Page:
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Today I went on my first geocaching trip. It’s something I’ve wanted to do for a bit but never had the chance – and what better day than International Talk Like A Pirate Day to join a world wide treasure hunt?! The Geocaching iPhone app was a huge help!

We tried four different caches, finding two of them – Gomersal Treasure and Red House Coin Bank. The other two were either too ambitious or too obscure for us. We might try them again one day.

Despite the horrible rain and increasingly muddy conditions, we had lots of fun!

I have a photo of the Red House cache, but won’t post it because I don’t want to spoil anyone’s enjoyment.

We’re off to Nottingham soon for a short break… I wonder if there are any geocaches near the hotel?

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1948 London Olympics

A lovely story.

Scouring through a car boot sale 20 years ago, Lucy Bull spent £2 on a box of negatives and old snaps. Lucy, who was studying A level photography at the time, didn’t look at all the pictures and eventually stored them in her attic. She was having a clear-out recently when she found the dusty box and had a closer look. And she was stunned to discover the black-and-white images of the London Olympics in the summer of 1948.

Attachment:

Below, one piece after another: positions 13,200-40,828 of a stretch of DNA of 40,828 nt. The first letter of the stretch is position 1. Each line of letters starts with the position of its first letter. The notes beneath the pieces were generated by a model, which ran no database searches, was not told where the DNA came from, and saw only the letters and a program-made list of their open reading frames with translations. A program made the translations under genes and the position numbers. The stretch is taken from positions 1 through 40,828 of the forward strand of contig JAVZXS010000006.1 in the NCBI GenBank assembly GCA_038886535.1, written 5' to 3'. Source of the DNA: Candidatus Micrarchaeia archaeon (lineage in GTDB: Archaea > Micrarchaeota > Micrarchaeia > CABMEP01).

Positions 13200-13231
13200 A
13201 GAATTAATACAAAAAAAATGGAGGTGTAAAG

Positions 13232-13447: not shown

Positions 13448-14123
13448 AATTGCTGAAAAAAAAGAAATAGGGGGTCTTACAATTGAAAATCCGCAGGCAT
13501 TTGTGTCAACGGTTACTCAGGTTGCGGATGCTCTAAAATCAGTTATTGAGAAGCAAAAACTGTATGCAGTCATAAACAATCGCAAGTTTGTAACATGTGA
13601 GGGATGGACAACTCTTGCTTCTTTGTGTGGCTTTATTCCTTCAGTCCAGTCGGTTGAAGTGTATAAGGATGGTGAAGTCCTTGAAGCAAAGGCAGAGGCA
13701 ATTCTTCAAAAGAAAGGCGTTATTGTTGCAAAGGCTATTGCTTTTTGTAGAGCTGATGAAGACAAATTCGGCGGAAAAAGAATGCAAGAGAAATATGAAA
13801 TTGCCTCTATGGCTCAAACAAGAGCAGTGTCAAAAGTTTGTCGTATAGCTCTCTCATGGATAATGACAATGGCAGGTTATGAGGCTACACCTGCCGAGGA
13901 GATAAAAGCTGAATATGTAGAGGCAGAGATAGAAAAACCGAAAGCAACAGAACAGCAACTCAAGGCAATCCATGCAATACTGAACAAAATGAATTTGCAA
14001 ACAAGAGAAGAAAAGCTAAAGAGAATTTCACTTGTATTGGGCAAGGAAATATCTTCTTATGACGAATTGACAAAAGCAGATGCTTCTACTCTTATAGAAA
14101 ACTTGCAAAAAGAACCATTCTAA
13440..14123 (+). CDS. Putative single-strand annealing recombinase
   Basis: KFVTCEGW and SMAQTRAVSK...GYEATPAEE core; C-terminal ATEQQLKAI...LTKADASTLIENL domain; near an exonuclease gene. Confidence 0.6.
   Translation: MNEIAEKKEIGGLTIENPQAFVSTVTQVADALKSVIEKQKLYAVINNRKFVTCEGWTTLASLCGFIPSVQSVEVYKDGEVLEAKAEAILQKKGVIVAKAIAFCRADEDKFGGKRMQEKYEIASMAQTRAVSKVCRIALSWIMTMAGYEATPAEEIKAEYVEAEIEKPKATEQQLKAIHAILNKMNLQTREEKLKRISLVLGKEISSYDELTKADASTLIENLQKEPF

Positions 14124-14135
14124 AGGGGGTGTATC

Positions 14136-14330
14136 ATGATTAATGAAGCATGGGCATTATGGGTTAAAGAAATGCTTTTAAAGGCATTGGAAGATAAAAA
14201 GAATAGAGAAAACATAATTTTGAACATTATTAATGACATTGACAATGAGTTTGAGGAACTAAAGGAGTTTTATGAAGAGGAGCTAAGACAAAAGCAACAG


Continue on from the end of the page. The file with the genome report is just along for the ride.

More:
Housewife Lucy, 37, said: “I looked through the photos when I was 17 and saw snaps of a family and their friends – not the Olympics. The photos have travelled with me ever since – and I’ve moved home 11 times. I was clearing the loft recently when I found the wonderful shots. It’s great to think I’ve got them in time for London 2012. It’s ironic because I now live right next to the Olympic 2012 site in East London.”

Lucy, of Leytonstone, bought the treasure trove of photos in Ashford, Surrey. Some of the pictures show proud athletes taking part in the Olympic Torch relay from Dover in Kent to Wembley in North-West London. Another is of what appears to be the opening ceremony at Wembley Stadium on July 29 in front of 85,000 spectators including King George VI and Queen Elizabeth.